Sean Hackbarth Sean Hackbarth
Senior Editor, Digital Content, U.S. Chamber of Commerce


July 11, 2017


Senators returned to DC to continue hammering out a health care reform bill.

As work continues, at the top of Senators’ mind should be how Americans get health insurance.

This chart from Axios, based on Kaiser Family Foundation data, shows how crucial the employer-sponsored system is for health coverage.

Axios chart: How Americans get health coverage.

Source: Axios.

According to Census Bureau data, 177 million people, 56% of the population, gets their coverage through an employer, more than any other source.

[I’m curious to know why Kaiser comes up with a lower number. Email me if you know the answer.]

Whatever the exact numbers are, Congress has to keep in mind that messing with employer-sponsored plans will have an enormous effect on peoples’ lives. Obamacare’s disruption of the individual market was what drove the desire for reform this year. But the individual market only covers 16% of Americans. Imagine the political cost if Congress causes massive disruptions to those in the employer-sponsored system.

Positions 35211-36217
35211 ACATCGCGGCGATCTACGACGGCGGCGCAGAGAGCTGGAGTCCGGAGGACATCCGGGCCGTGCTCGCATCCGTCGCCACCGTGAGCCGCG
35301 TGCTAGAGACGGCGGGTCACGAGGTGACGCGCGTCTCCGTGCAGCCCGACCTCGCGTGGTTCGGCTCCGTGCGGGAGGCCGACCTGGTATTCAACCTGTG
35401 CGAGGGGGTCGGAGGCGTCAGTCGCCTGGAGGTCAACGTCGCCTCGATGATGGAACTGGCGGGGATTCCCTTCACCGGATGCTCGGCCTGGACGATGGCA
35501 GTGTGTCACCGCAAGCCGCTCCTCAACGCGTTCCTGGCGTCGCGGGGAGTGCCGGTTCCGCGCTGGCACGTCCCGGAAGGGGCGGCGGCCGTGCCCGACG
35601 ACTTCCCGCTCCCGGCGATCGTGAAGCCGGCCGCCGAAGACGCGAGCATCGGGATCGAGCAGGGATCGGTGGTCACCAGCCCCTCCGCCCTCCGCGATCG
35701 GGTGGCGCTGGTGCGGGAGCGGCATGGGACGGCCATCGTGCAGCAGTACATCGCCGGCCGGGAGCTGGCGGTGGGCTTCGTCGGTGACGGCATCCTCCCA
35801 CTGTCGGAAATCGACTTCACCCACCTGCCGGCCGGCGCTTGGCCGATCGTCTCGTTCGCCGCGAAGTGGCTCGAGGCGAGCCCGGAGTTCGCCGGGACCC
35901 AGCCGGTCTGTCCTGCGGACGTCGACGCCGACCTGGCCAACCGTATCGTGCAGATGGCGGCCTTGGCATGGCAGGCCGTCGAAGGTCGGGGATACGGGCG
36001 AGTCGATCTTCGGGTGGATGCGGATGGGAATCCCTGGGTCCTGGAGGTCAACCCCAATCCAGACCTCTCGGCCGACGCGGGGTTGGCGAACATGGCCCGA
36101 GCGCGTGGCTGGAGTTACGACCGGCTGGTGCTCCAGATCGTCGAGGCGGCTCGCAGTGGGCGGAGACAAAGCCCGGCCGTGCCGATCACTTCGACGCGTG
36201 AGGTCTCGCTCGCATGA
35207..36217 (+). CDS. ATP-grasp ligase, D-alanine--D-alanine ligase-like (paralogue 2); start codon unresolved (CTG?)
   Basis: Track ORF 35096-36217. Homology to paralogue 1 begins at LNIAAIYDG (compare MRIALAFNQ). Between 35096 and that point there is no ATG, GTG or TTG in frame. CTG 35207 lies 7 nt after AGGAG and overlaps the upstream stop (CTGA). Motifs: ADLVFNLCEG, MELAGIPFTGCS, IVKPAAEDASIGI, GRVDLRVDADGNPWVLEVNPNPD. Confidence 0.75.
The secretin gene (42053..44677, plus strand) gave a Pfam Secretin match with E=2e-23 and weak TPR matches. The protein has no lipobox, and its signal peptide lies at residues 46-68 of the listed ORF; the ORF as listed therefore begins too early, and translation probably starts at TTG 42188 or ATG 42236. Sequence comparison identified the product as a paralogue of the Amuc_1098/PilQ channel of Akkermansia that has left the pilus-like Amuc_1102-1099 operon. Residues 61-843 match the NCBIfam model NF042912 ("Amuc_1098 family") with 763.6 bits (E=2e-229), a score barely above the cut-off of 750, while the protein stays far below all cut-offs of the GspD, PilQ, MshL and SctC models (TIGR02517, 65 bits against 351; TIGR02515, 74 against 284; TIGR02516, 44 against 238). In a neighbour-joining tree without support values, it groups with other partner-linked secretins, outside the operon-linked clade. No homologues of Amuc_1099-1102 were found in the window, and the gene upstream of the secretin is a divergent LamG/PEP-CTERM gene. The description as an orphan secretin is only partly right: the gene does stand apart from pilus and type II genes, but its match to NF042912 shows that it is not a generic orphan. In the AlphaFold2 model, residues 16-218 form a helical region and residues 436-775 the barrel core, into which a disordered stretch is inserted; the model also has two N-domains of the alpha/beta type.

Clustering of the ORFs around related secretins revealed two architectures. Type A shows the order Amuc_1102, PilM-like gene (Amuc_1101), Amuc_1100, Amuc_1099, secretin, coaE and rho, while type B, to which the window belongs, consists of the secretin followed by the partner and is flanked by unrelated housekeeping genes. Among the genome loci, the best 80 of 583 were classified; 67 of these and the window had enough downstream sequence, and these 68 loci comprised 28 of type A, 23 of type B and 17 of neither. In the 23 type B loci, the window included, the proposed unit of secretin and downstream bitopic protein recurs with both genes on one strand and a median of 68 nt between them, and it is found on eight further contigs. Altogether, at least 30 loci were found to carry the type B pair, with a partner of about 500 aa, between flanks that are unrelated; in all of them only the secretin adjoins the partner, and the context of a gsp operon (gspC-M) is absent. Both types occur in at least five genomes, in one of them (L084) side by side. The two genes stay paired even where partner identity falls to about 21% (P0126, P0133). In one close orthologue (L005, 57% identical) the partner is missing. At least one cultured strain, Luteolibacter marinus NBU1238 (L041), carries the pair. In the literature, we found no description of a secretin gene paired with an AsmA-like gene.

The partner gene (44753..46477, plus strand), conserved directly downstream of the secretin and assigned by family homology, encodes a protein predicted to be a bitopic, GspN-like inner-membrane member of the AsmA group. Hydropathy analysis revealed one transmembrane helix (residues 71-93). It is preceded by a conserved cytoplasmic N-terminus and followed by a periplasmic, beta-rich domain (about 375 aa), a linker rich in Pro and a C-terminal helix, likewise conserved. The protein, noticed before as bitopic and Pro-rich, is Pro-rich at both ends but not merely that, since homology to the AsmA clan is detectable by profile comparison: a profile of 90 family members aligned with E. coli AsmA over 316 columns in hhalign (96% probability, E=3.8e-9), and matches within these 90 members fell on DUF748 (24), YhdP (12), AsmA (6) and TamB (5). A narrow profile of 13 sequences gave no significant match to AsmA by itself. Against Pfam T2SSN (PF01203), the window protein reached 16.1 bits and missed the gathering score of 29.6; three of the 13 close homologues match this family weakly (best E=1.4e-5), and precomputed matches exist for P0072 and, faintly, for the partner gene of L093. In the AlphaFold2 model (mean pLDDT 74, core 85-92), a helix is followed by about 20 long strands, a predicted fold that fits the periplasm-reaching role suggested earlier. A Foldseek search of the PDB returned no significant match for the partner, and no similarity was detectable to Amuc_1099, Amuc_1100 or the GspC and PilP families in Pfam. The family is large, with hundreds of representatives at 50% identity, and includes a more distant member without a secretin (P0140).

Tampering with the employer-sponsored system, like with Obamacare’s 40% tax (Cadillac Tax) on so-called “high-cost” health plans (delayed until 2020) or taxing health benefits, is the wrong way to go. Many human resource managers believe taxing health care benefits will mean higher premiums and out-of-pocket expenses for workers. Doing so will create uncertainty and anxiety for millions of Americans.

Health care reform shouldn’t undermine how most Americans get health coverage. As we’ve seen with Obamacare, higher taxes aren’t the answer. Instead, effective reforms should come from government and the business community working together, combining their collective experience to increase access to affordable, high-quality care.

About the authors

Sean Hackbarth

Sean Hackbarth

Sean writes about public policies affecting businesses including energy, health care, and regulations. When not battling those making it harder for free enterprise to succeed, he raves about all things Wisconsin (his home state) and religiously follows the Green Bay Packers.

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